Friday, February 22, 2008

Stage Hands

Assembling the motion section and adjusting the elements so they fit.

I love that time when you have to finally begin working on the stage for a play. It means the performance is imminent (unless the producer pulls out!). It is also time to listen carefully to the director, designer, performers, lighting and sound people and stage hands and riggers to make sure all points of view are represented and taken into consideration. (if only it was like that in real life...)

Since the hole pattern in the VeX system is not really well designed (unless someone proves the contrary) I had to notch and cut lots of pieces so that they overlapped correctly in the configuration I needed. As I said before, I think the engineer/s who designed the system probably did it with a preset number of projects in their mind.

I would go back to the drawing board. It seems strange to me that in this age of CAD and relational tools, they could not test at least a few thousand combinations and optimize the design for that. So anyway, the metal is soft enough that it doesn't take that long to adjust.

The Vex control modules, servos and power supply.

Except for Lorena, who is the human performer, choreographer and costume designer for the project and who makes sure her needs and demands are met:-), the rest of the crew is me with occasional help from my friends, like Philip who is working on a Flash interface to control the microprocessors and sensors. I have my doubts about the speed of the image processing functions in the new Flash, but it is worth a try.

For now I am using VeX to build the stage support and to prototype the motion and control system. Ideally I would like to use a faster microprocessor, perhaps Propeller by Parallax which is a multi processor where each one of the 8 processors can operate simultaneously giving you the ability to respond in real time to performer actions, which is what I need to do.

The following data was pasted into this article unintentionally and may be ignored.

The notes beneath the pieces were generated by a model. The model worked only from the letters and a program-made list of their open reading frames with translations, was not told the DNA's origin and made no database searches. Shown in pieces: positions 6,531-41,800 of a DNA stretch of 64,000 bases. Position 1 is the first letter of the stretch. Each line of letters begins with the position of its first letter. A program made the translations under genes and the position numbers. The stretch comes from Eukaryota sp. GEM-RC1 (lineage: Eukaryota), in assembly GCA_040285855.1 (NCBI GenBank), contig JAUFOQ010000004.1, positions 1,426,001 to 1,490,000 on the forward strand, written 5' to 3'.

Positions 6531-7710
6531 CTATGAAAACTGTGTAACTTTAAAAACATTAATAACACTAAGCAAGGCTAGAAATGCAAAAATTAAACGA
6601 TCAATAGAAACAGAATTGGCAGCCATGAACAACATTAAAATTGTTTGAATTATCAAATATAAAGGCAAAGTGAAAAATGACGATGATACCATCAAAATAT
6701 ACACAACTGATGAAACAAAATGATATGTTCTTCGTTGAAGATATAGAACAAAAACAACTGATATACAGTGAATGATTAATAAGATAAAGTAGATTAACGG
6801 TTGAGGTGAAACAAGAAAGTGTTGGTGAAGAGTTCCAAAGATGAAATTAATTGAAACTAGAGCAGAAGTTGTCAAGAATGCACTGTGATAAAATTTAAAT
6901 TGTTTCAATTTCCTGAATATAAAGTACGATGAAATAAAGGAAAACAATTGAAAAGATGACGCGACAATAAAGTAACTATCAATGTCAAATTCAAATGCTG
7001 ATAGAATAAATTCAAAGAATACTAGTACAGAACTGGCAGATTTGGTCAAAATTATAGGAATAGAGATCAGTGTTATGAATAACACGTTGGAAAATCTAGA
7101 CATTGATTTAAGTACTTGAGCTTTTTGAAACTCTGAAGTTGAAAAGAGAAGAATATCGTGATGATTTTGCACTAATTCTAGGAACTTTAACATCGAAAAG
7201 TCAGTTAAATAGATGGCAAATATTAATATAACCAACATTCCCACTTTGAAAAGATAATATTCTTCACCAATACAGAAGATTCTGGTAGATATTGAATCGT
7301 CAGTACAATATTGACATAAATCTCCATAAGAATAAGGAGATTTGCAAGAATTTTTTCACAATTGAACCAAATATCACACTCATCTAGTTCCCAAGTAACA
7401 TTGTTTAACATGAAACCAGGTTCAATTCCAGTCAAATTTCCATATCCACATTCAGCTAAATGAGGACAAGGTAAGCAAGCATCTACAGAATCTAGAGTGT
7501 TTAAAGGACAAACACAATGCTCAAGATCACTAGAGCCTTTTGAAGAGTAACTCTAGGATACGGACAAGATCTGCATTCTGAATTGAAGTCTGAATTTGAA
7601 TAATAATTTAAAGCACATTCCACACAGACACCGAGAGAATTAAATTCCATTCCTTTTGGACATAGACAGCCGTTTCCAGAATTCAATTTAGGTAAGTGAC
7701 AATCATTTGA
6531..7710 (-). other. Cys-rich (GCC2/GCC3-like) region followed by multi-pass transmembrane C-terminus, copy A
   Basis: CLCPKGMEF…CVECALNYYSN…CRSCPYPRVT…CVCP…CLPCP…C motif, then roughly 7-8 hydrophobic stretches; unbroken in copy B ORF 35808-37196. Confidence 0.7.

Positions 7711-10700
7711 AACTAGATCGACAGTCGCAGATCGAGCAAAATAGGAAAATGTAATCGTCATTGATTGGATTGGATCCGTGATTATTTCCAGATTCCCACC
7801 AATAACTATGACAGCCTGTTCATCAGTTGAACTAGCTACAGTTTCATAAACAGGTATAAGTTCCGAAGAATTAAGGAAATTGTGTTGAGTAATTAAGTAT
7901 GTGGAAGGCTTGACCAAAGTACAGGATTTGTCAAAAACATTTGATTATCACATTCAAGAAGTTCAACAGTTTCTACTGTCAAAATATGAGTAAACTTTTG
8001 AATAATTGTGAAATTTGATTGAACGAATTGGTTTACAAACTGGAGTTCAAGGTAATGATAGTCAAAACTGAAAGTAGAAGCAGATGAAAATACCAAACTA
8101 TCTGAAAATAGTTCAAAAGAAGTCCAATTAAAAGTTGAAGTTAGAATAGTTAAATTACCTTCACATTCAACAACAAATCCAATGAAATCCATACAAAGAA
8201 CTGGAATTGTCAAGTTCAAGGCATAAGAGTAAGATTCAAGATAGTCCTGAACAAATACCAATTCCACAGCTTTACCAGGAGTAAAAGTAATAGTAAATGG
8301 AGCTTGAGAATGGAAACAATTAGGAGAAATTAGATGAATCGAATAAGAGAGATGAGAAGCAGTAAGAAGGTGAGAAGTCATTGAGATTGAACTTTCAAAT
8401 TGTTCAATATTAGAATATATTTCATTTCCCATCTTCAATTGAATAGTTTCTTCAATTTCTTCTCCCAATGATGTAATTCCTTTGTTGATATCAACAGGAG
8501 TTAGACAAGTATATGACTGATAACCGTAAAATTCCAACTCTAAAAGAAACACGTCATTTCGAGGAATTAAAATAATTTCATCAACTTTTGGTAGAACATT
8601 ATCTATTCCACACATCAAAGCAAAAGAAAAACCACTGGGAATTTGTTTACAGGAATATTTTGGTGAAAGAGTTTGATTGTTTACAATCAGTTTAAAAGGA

Easier said than done, since programming is not my forte, but my friend Philip, who is in his final year in Architecture, loves coding and we have done great work together. I need to complete the prototype so that we can start programming and optimizing. Everything simpler, easier, faster. Like Ars Electronica 2006 theme said, SIMPLICITY - the art of complexity.

The Creator's new feet

I am also getting so much more familiar with the marionette I've created, since while you are whittling away at blocks of wood and dealing with joints, balance and many other issues, it is difficult to meet the creature on its own terms. Although it is not awake yet I can already see a bit of its character. This is an experience which every puppeteer, or for that matter any artist goes through as it transitions from production to contemplation or analysis and finally to understanding or appreciation.

This process is not so familiar to the engineering folks, since for them, in the majority of cases, everything must be defined or though in toto in advance and there is usually little room for improvisation

Monday, February 18, 2008

Gimme Shelter

Time to create the scaffolding for the Creator's shelter. It will hopefully be as functional and form(ally) beautiful as it can be. In trying to find the right tools and materials I bought some Vex kits when Radio Shack decided to chuck them. So in a way I got a good deal. From a tinkerer's perspective though I wish I had my (very) old Meccano, which from an engineering point of view was a lot more versatile I believe.

The problem with the Vex "system" is that it is not really integrated. It seems to have been designed, not as an optimal modular construction set, but rather limited to some preconceived ideas as to what you should do with it rather than let you decide, as the Meccano system allowed.

I find it very limiting for free form design. Take this example. To construct the very simple structure I needed required me to use ALL 5 kits! and I am not even close to be done.